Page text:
University of Tennessee at Chattanooga
Place of Publication
Oyster Pond is one of the marine inland ponds located on San Salvador Island, Bahamas. Oyster Pond has connections to the ocean through a series of conduits in the pond, which cause the salinity of the pond to be marine pond, except after a hurricane and during a drought. Oyster Pond has a variety of marine life such as algae, small fish, and invertebrates occurring in mangroves, flocculent, conduits, and biotic outcroppings. The focus of this research was to evaluate the impact of the 2015 Hurricane Joaquin (17 months later) on water chemistry and the marine life of the biotic outcroppings. Findings show that water chemistry had returned to normal levels (pH, salinity) and outcropping biota, as measured by species richness, were the same compared to a March 2016 study. Notably macro algae, that were absent after the hurricane, as reported in 2016, were still not reestablished in 2017. Age estimations of a small sample of Pinctada longisquamosa showed that a majority of the oysters were produced post-Hurricane Joaquin. Based on these results, it seems that while water chemistry is back to normal, not enough time has passed for some biota, specifically species of macro algae, to recover from the storm’s impact.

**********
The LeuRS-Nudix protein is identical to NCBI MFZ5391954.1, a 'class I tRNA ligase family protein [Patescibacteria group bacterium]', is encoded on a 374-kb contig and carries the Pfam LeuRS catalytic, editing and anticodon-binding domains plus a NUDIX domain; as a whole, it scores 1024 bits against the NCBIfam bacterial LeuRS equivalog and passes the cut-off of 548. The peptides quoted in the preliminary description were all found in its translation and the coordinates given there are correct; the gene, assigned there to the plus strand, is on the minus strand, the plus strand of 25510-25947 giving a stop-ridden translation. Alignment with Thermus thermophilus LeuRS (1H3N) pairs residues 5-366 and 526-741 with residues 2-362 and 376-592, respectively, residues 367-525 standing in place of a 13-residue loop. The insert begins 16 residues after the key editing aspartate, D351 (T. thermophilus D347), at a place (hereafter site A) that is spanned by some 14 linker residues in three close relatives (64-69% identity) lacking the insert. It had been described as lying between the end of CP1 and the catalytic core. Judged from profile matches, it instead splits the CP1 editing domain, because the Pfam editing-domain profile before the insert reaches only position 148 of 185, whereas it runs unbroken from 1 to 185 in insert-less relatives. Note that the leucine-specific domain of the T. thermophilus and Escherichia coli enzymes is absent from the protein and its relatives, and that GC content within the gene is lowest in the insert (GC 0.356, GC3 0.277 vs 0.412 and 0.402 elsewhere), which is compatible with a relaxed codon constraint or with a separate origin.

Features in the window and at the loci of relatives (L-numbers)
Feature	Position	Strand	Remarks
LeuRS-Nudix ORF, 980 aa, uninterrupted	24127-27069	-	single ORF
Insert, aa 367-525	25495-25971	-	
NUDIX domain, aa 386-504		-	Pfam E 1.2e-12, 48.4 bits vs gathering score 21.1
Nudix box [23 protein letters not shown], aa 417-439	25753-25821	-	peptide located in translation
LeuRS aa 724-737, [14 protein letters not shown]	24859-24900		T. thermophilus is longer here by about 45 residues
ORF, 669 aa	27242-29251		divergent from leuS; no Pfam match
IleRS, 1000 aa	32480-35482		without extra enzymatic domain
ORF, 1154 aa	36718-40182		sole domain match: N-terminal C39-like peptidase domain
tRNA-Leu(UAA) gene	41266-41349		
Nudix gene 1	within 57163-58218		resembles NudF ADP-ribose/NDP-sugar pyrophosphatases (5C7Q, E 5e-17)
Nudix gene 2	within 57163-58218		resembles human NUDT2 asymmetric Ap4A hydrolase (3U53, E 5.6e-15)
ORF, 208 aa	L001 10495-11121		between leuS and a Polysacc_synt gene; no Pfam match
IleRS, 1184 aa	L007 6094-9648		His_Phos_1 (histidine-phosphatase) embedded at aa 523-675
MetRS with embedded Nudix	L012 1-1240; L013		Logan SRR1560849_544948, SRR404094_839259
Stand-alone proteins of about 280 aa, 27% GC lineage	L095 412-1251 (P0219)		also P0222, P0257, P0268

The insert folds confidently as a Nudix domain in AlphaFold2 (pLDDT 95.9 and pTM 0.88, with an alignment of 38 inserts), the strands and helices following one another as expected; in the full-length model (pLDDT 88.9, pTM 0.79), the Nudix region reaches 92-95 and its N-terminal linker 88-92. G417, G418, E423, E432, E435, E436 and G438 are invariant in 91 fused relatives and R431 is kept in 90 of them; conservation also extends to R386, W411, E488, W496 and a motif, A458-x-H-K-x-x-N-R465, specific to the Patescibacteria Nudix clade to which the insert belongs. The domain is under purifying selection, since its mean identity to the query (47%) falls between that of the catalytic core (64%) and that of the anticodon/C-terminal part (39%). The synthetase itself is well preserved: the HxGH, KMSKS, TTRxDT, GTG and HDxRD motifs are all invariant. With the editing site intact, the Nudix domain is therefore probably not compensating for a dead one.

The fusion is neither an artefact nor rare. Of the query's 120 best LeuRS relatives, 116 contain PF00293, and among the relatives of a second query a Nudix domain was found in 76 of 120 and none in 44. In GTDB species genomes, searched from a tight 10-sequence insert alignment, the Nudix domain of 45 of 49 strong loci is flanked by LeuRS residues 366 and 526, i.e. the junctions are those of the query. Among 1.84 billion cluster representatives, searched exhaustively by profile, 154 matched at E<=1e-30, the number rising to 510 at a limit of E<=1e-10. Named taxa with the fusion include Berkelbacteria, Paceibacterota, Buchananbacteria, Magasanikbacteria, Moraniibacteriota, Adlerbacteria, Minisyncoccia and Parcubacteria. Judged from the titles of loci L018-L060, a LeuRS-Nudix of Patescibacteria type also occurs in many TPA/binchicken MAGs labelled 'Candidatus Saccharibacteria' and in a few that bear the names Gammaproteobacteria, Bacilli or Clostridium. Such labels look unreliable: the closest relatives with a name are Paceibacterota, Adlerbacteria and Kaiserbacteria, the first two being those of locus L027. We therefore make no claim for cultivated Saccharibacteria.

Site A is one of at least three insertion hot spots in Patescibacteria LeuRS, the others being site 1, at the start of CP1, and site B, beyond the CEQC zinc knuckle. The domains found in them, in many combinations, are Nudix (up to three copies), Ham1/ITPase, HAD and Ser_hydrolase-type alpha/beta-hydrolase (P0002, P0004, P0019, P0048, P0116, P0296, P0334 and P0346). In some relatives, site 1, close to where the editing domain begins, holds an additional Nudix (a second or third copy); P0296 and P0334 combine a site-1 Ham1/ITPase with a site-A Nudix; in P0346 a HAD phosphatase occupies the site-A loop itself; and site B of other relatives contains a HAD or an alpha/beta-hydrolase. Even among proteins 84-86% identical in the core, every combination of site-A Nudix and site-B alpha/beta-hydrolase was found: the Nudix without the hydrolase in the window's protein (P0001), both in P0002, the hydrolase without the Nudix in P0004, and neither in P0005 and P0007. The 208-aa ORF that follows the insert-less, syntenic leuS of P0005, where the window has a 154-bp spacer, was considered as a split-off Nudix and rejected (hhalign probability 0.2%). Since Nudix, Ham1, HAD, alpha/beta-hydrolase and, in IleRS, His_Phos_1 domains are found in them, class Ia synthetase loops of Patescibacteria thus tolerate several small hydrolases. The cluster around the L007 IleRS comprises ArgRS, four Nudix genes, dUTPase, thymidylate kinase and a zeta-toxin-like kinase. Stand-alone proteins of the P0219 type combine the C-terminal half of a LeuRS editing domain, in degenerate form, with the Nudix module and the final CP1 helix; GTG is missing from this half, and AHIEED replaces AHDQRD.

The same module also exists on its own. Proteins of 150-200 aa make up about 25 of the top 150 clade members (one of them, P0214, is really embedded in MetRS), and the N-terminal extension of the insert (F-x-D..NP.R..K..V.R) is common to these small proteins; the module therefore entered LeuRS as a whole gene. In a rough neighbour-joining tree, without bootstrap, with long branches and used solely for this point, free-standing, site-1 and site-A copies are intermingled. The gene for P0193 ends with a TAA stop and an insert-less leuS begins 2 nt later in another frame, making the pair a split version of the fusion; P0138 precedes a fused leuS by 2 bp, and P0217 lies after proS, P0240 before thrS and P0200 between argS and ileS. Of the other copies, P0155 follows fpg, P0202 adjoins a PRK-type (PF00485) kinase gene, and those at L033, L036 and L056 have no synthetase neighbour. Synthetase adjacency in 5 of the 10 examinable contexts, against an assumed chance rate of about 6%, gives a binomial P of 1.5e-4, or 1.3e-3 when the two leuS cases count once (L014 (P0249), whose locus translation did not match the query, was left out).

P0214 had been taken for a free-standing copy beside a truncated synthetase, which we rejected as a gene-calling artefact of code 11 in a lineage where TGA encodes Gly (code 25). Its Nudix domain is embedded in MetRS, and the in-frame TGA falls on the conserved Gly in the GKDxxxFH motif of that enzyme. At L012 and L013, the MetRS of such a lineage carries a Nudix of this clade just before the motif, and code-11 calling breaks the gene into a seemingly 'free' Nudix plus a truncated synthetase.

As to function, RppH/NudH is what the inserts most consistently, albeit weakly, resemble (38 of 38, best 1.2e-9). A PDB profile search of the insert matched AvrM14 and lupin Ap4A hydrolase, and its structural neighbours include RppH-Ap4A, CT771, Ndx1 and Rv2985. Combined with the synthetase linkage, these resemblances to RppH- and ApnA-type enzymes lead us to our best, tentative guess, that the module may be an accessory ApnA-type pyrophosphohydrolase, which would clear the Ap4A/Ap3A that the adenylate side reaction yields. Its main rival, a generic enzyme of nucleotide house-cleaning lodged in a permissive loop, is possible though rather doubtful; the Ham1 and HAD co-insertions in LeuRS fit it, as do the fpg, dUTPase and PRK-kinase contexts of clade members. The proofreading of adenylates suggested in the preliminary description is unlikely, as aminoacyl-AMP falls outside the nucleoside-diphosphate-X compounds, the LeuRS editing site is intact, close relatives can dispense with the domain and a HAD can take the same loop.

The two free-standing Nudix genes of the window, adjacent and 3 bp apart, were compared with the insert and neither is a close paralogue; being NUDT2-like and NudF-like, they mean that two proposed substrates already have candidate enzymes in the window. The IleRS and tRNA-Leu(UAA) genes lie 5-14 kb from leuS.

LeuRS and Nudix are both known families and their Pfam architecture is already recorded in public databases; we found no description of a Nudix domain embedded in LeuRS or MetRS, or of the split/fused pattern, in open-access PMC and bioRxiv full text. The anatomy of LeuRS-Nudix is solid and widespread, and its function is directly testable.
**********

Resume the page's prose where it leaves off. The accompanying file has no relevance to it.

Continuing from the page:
This project was conducted under the Biology, Geology, and Environmental Sciences Department at the University of Tennessee, Chattanooga. I would like to give my greatest appreciation to Dr. Ford for her time, commitment, and advice. Since the first class I had Dr. Dawn Ford in Conservation of Biodiversity during my sophomore year, she has continued to change my perspective on this world. I would also like to thank Dr. Ann Holmes for being there to help guide me along the way. I would like to thank Luke Black and Alex Schwartz for helping me gather and identify data, without them I would have not been able to accomplish this. Lastly, I would like to thank the UTC Honors College for opening the doors to be able to experience life-changing adventures such as the Tropical Island Ecology and Geology course that allowed me to travel to San Salvador in March 2016 when I first discovered my passion for biological research.
B. S.; An honors thesis submitted to the faculty of the University of Tennessee at Chattanooga in partial fulfillment of the requirements of the degree of Bachelor of Science.
Ecology -- Bahamas -- San Salvador Island; Hurricanes -- Bahamas -- San Salvador Island; Water-supply -- Bahamas -- San Salvador Island
San Salvador Island (Bahamas)
viii, 49 leaves
Mitchell, Ashton Selah, "A biotic survey of outcroppings and Pinctada longisquamosa in Oyster Pond, San Salvador Island, Bahamas, one year after Hurricane Joaquin" (2017). Honors Theses.